The long-running legal battle between Plymouth Council and
residents of Granby Way residential home ended in agreement earlier
this week, after both parties accepted judges’ advice to try
to resolve their differences out of court, writes
The residents claim the council’s plan to close the home
would breach their fundamental right to respect for their home and
private and family lives under Article 8 of the European Convention
of Human Rights, and that the trauma of moving could ultimately
result in their deaths.
They took their case to the appeal court this week, having
failed to win a judicial review hearing earlier this year.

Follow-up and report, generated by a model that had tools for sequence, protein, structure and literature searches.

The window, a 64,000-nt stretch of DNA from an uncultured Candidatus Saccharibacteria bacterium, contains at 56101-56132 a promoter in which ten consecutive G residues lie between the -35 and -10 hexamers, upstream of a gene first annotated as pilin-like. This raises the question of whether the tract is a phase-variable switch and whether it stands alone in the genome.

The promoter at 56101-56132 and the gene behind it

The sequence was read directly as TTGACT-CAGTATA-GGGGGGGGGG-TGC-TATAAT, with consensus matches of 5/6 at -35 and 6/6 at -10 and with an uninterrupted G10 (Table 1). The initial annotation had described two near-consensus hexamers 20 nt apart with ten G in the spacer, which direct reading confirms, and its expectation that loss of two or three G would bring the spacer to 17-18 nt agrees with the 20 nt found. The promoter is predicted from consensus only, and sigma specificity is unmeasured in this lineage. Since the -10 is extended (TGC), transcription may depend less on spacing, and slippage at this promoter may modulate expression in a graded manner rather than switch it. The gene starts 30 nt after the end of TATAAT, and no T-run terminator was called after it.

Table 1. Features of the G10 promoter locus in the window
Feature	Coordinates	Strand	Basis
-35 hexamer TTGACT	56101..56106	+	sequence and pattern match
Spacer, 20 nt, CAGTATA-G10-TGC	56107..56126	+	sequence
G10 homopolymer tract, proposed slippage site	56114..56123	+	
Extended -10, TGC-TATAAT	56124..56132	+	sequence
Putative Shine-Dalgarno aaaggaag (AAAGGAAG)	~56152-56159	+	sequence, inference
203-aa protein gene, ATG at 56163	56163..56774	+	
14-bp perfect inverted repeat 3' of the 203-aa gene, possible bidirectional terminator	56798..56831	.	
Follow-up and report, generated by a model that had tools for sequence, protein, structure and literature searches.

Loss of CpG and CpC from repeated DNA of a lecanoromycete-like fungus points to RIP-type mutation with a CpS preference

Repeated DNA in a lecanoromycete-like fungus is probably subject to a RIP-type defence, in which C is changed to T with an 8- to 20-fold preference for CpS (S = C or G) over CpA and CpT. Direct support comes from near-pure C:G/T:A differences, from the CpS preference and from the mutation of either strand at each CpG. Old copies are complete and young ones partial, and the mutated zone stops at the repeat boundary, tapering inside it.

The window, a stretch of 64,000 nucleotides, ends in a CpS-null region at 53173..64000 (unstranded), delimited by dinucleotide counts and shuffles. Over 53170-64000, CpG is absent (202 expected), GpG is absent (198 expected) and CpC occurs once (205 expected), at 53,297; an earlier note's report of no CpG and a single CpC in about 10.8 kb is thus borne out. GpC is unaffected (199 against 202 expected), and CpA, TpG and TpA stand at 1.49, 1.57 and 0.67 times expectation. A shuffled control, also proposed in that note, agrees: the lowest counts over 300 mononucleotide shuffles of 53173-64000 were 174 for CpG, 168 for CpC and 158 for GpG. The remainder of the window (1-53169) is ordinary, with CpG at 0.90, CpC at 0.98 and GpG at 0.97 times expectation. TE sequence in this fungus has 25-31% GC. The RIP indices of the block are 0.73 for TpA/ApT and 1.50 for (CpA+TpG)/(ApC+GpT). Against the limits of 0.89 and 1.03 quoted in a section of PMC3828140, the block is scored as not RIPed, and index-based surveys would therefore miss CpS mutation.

Under the new agreement, the residents will now present their
case to an independent complaints panel. The council will then
formally reconsider its decision to close the home in the light of
the panel’s recommendations.
Before any final decision is taken in relation to Granby
Way’s future, the council will also take into account the
emotional, psychological and physical health of the residents, and
particularly the views of a doctor who reported on the potential
impact of closure.
Before the case began, Lord Chief Justice Lord Woolf urged both
parties to resolve the dispute, highlighting the high legal costs
of litigation, and the preference for avoiding judicial rulings in
these types of cases.
Lord Woolf, sitting with Lord Justice Mummery and Lord Justice
Buxton, said the court would give a judgement at a later date which
would incorporate the agreement between the parties as well as the
court’s views on how such cases should be dealt with in the